Ah, but there is Portia and what goes on in her side of the world as comic relief, and it would be the most off-putting introduction of a character that we’ve seen on a theater stage in a long time. Set on the second level of the set, it is obvious that she is being created into the more powerful voice in the narrative of this adaptation. She is in control, looking upon the world beneath her, as she waits on suitors who might win her hand in marriage given the test her father left behind. The suitors are of course all over-the-top, if only to highlight how Bassanio was exactly the one for her. Here, the point was undoubtedly comedy and nothing else.

There is a craziness to Portia here, which made her seem disjointed from the rest of the play happening before and beneath her. That is, she’s above it all, butalso she doesn’t know much of what’s going on, the context of Bassanio, the world that is being changed from below. As such by the time she and Bassanio, and Nerissa (Doray Dayao) and Gratiano marry, and those Nazi flags rise, it is all just quite … confusing.

“The Merchant ofVenice” is one of those plays that clearly has disparate but interconnected stories. “Der Kaufmann” renders those stories more disconnected than we imagine. The question then becomes if it’s ableto tie all of it together into one neat package.

Act Two: comedy versus tragedy
The daring of this adaptation is its decision to take on both Nazism and homosexualityin one fell sweep. It is also its undoing, because it is forced to let it go.

Which is to say that by the time we are in the second act of “Der Kaufmann” what we are seeing is the story of Portia and almost and practically no oneelse’s. Yes, there is the case that will bring her to the court that will decide on the case of Shylock versus Antonio, but this version of Portia takes on that moment like she’s the star of the show, and no one else. It’s as if the moment she stepped down from her stage, whatever was going on beneath her, became all hers, too.

Which was fodder for comedy for sure, where the absurdity of this Portia was in her crazy eyes, flared nostrils, the certainty in her step even as she was pretending to be someone else. That she was more comedic than serious, was counterpoint to the depth of anger and grief that is in the character of Shylock who had lost a daughter to a Christian, and now was refusing to to give the merchant Antonio any mercy.

For most this play, Shylock is portrayed as a sympathetic character, one who lives through the oppressions of the times, and who, faced with the opportunity to exact revenge, wants it to actually make a point. That this character succeeds is of course a measure of Tadioan, who is able to turn the scary Jew stereotype on its head, and re-create Shylock into victim of circumstance. The shift in the power structure is in that moment in court when Shylock faces Antonio and Bassanio; in “Der Kaufmann” this moment plays out wonderfully.

It is also in court when the over-the-top Portia makes Antonio and Bassanio even more believable as characters, something that’s also about Viaña and Magno living up to the demands of these particular adaptations. The shifts in Bassanio’s character, from angry abusive military officer, to kind and compassionate friend to Antonio is done without missing a beat by Magno. Antonio was introduced in the beginning of that play in calm quiet sadness; that Viaña believably sustains this throughout the narrative, even during that court scene, and until that end when he looks longingly at Bassanio, now back in Portia’s arms, was just brilliant.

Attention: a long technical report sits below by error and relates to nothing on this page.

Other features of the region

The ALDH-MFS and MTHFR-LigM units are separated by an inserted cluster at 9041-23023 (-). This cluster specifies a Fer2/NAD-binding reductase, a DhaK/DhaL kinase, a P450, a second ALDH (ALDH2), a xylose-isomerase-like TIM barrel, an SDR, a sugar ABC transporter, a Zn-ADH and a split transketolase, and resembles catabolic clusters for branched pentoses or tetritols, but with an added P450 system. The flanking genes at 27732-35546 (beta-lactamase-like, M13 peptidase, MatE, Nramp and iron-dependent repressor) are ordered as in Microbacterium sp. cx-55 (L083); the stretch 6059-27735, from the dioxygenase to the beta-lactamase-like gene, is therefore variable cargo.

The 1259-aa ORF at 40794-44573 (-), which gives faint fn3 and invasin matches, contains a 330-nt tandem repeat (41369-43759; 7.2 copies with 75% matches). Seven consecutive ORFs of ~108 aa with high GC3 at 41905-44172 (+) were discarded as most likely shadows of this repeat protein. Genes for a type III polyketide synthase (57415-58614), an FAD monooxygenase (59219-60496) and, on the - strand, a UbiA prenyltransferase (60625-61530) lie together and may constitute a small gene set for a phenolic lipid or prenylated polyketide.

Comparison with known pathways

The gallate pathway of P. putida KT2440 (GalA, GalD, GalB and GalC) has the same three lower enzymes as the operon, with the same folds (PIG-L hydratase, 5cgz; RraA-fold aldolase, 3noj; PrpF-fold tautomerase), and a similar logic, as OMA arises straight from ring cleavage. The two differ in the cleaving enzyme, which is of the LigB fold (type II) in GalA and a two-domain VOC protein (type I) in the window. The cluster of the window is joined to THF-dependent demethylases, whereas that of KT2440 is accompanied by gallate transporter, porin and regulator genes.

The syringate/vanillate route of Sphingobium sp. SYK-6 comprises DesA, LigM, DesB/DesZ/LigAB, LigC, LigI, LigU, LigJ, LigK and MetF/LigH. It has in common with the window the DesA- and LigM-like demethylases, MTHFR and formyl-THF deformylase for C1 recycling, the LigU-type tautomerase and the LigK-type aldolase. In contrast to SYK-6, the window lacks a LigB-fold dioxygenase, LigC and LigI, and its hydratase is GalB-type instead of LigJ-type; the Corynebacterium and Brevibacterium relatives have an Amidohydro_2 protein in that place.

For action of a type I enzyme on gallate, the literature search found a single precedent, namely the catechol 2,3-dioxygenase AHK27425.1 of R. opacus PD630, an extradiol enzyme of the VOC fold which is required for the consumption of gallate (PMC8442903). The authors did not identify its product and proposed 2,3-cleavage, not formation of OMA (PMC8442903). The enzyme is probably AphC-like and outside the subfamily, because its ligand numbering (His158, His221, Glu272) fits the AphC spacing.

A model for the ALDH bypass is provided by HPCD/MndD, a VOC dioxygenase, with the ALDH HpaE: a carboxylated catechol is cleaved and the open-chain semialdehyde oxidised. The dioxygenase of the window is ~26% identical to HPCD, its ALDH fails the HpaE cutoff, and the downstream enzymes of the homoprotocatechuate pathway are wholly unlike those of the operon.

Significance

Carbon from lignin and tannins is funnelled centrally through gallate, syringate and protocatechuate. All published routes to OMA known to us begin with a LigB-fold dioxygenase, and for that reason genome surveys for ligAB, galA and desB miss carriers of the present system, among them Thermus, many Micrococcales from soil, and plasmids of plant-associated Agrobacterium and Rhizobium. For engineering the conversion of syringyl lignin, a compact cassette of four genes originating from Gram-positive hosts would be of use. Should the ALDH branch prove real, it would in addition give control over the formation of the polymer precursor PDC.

Which one might not say about this adaptation.

The pitfalls of simplicity
The adaptation’s notes speak of a decision to engage the audience through the comedy in the Shakespeare original. This of course was a clear counterpoint to the seriousness of issues that it also wanted to tackle, from anti-semitism to homosexuality. The ease with which the comedy happens here vis a vis the difficulty of the subject matter in “DerKaufmann,” is what makes for a haphazardly-tied package.

The problem might have been the dramaturg’s premise: that there is no staging “The Merchant of Venice” today without it being imbued with the meanings that history has since afforded us, about the Jews and Nazism on the one hand, homosexuality on the other.

But that might be said of any text really, and not just Shakespeare’s. The point of adaptations shouldn’t be about whether these original texts can be staged again and again, but whether or not we create the conditions for spectators to actually understand these better, and allow these texts to contribute to contemporary thought. It is certainly more complex than merely discussing anti-semitism and anti-LGBT as distinct concepts separate from “The Merchant of Venice.”

An adaptation negotiates with the original, and chooses to tear it apart, if not stay faithful to it. Certainly “Der Kaufmann” succeeded at reconfiguring the homosocial in the Shakespeare original, by giving us a real and honest homosexual relationship between Antonio and Bassanio. But the anti-semitism? That was not turned on its head, and neither was it discussed differently here from what’s expected. It is entirely possible that it is not, and cannot be, fodder for comedy.

 

Because this is not a question of whether we might stage texts again and again. It’s a question of whether or not we can work with these texts and make them resonate for the present, comedy or no comedy.

“Der Kaufmann” was close enough to doing it. But not quite there.

DerKaufmann” is a Tanghalang Pilipino production for its 27thTheater Season. It is directed by Rody Vera and Tuxqs Rutaquio, adapted by Rody Vera, Tagalog Translation by Rolando Tinio. Lighting design by John Batalla, production design by Tuxqs Rutaquio, music and sound by TJ Ramos. It runs for two more weekends: October 4 and 11 at 10AM and 3PM, October 5 at 3PM and 8PM, October 6, 12 and 13 at 3PM.